illustrated that digestion of genomic DNA of normal individuals with HpaII (which
cleaves the sequence CCGG only if the internal cytosine residue is unmethylated)
and MspI (which cleaves the same sequence regardless of methylation) showed
lower degree of differences in RAPD-DNA patterns, indicating normal methylation
patterns. However, different picture was shown when studying RAPD-DNA bands
profile of CML genomic DNA following digestion with restriction HpaII and MspI,
clear variations in bands patterns were observed when using selected RAPD primers
to amplify digested genomic DNA by two enzymes (MspI and HpaII) for normal individuals
and CML patients (Ibrahim, 2010a).
GENOMIC MUTATIONS OF TUMOR SUPPRESSOR GENES
Tumor suppressor genes can reduce the probability of transforming normal human
cell into tumor cell (Yeo, 1999; Sherr,
2004; Ibrahim, 2010a). It is well known that mutations,
chromosomal translocations and DNA methylation aberration can inactivate tumor
suppressor genes thus leading to activation of oncogenes without altering the
primary sequence of DNA (Robertson and Wolffe, 2000;
Jones and Baylin, 2007; Esteller,
2008). Accordingly, some tumor suppressor genes have the ability to stop
the cell from multiplying until the DNA damage is repaired; however, once tumor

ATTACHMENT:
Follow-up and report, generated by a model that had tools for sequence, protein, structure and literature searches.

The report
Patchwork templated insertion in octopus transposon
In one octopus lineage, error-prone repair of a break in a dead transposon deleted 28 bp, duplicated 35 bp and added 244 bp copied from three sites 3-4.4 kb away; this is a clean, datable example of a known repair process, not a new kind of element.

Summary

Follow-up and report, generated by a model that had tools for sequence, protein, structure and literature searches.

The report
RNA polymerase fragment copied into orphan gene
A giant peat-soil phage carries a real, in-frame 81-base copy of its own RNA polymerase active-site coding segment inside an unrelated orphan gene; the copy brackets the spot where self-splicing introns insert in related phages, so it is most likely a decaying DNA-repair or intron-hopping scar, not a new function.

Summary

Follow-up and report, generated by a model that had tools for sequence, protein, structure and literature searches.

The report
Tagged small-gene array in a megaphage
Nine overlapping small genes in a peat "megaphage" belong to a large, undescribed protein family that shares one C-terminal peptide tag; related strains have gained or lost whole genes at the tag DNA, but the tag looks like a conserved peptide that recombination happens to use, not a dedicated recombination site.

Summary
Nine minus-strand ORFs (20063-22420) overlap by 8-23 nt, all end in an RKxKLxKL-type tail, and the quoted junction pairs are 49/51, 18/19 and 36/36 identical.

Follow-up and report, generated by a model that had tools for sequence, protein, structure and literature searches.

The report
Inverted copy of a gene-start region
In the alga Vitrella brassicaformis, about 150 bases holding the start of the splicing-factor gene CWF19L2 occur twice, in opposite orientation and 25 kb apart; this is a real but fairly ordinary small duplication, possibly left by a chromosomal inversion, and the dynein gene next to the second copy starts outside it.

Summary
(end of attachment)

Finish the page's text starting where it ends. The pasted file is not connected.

suppressor genes do not function correctly, the cells with DNA damage continue
to divide and can accumulate further DNA damage that can eventually lead to
the formation of a cancer cell (Macleod, 2000; Hussain
et al., 2001). Literatures provided information on the role of number
of tumor-suppressor genes. Mutations in Rb suppressor gene are associated with
retinoblastoma, a serious cancer of the retina that occurs in early childhood.
In addition to retinoblastomas, mutations in the Rb gene have been detected
in osteosarcomas, bladder carcinomas, small-cell lung carcinomas, prostate carcinomas,
breast carcinomas, some types of leukemia and cervical carcinomas (Krug
et al., 2002). Mutations in the tumor suppressor gene p53 are found
in a large proportion of human hematological malignancies and other cancers;
increased amounts of cellular p53 protein after DNA damage have been associated
with cell-cycle arrest and programmed cell death (apoptosis) and mutations or
losses of p53 have been resulted in development of cancer (Velculescu
and El-Deiry, 1996; Foulkes, 2007).
MOLECULAR AND DNA METHYLATION THERAPY
Several recent approaches have been reported for possible therapy of various
types of cancers (Saeed et al., 2005; Saxena
and Moorthy, 2007; Mohan et al., 2008; Hafidh
et al., 2009). One of these approaches is molecular utilization of
interleukins in cancer therapy; the interleukins (ILs) represent another large
family of cytokines, with at least 25 different constituent members (IL-1 to
IL-25) having been characterized thus far. The immune stimulatory activity of
IL-2 has proved beneficial in the treatment of some cancer types. Further studies
have shown additional cancer types, most notably ovarian and bladder cancer,